Tells a dude to make a boat. The boat, with millions of species of insects and bacteria and shit, sails on past the drowning kittens, puppies, bunnies, human tykes. Their little limbs trying to swim as long as they can, then sinking. Except for the ones that the sharks ate.

All because Yahweh fucked up the first time and needed a do-over.

Can we all get beyond this horror? Both the horror construed literally, and the horror spun into a myth with a deep spiritual message? What spiritual message is there in a story of a powerful agent torturing little creatures to undo its own production?

Simple stories for simple people. The Bible is a flawed human document. Flawed as we all are. Let's just let it be that.

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On ‎2‎/‎17‎/‎2017 at 1:20 PM, Storm said:

Everything you have ever learned about God has come from a human. Think about that for a moment. Everything. You have never seen him, heard him, felt him. He is all in your head.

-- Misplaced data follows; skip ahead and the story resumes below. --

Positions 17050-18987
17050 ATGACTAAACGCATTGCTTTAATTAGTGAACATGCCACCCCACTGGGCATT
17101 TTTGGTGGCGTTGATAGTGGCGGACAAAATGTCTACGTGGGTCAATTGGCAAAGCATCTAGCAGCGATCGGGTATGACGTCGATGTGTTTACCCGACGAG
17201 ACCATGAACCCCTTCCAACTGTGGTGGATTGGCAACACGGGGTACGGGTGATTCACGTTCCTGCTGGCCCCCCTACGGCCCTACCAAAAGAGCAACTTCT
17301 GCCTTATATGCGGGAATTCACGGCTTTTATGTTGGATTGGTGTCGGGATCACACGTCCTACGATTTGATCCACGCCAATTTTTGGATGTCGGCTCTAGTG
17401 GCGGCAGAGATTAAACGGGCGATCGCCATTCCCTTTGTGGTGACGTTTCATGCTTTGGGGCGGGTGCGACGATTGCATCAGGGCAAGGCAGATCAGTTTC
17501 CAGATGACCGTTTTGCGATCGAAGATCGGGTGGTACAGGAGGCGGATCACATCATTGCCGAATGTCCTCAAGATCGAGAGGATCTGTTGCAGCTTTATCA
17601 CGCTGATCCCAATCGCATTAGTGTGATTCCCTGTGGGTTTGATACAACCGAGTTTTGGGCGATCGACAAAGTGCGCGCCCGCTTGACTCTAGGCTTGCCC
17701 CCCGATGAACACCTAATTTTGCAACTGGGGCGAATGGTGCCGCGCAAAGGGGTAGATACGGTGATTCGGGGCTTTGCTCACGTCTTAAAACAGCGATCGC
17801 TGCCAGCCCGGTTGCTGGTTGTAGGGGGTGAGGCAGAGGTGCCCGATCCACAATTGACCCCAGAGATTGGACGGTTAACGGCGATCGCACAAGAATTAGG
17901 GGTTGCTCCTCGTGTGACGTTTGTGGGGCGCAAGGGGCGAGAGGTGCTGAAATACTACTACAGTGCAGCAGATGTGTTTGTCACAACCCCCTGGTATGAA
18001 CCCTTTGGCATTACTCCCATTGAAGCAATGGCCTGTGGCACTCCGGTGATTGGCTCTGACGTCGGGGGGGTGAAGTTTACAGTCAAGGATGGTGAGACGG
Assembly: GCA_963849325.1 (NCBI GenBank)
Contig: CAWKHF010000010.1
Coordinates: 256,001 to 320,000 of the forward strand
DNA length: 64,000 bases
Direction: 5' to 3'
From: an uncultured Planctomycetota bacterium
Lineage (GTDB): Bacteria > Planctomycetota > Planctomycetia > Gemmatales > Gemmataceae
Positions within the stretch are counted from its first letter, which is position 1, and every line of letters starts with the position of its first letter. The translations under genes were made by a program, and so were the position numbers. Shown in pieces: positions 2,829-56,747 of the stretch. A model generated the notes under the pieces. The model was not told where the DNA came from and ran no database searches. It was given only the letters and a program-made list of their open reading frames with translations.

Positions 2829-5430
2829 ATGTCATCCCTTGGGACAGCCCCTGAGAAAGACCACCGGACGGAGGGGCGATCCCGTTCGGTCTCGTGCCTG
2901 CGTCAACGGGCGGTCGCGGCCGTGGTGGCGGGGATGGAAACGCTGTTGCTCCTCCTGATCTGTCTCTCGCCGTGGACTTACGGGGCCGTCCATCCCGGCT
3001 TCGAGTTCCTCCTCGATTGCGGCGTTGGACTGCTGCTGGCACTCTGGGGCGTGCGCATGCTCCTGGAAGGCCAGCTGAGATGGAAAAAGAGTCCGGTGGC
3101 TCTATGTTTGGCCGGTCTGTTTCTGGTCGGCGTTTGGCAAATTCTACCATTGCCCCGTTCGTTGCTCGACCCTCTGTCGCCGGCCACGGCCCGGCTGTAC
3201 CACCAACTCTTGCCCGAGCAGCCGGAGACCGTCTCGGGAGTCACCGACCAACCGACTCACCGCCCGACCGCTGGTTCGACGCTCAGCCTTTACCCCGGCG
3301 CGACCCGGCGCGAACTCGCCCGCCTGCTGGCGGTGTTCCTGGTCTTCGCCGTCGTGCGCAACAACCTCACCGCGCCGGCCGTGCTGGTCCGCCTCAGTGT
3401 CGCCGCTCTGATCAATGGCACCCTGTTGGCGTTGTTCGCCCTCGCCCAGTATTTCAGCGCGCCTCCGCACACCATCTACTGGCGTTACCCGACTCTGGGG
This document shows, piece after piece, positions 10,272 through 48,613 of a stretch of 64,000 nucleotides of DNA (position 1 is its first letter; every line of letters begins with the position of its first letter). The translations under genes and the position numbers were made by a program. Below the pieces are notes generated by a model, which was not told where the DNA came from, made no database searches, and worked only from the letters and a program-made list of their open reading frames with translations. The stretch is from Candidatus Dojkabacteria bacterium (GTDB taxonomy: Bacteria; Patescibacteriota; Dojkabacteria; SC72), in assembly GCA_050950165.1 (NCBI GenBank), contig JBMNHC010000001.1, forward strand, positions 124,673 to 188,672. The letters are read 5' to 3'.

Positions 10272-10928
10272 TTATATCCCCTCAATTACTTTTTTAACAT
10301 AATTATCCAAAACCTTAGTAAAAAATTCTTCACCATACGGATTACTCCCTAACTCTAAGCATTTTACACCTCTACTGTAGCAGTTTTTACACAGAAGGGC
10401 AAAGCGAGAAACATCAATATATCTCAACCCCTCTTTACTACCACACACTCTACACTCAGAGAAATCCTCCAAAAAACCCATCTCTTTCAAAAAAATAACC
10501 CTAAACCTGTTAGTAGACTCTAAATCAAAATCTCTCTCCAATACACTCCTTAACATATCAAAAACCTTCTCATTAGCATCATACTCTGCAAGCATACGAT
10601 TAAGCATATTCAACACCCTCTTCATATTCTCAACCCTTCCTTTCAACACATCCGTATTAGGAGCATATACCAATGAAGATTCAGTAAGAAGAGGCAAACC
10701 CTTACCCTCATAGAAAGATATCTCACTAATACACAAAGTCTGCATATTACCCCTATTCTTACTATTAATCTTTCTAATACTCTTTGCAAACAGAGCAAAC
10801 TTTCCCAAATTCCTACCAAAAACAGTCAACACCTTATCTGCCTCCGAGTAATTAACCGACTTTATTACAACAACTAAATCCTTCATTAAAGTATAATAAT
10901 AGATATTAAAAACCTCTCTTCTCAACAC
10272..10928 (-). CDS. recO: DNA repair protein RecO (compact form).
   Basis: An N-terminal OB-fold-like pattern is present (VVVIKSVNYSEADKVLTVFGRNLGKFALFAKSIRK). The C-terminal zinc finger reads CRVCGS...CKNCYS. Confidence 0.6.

This is like an "at the end of the day" statement. 

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On ‎2‎/‎17‎/‎2017 at 3:35 PM, Travi said:


Why would a God need to test you anyhow? Think about that for a while. Why would all powerful, all knowing, all encompassing God need to test you? He supposedly already knows what you'll do anyhow, he is the Alpha and Omega after all. It's asinine.
 

Related to this, I also wonder why is Satan's existence necessary?  Seems like it would be hard enough for humans to try and co-exist with each other peacefully as-is, without the need for this supernatural entity to tempt and test people.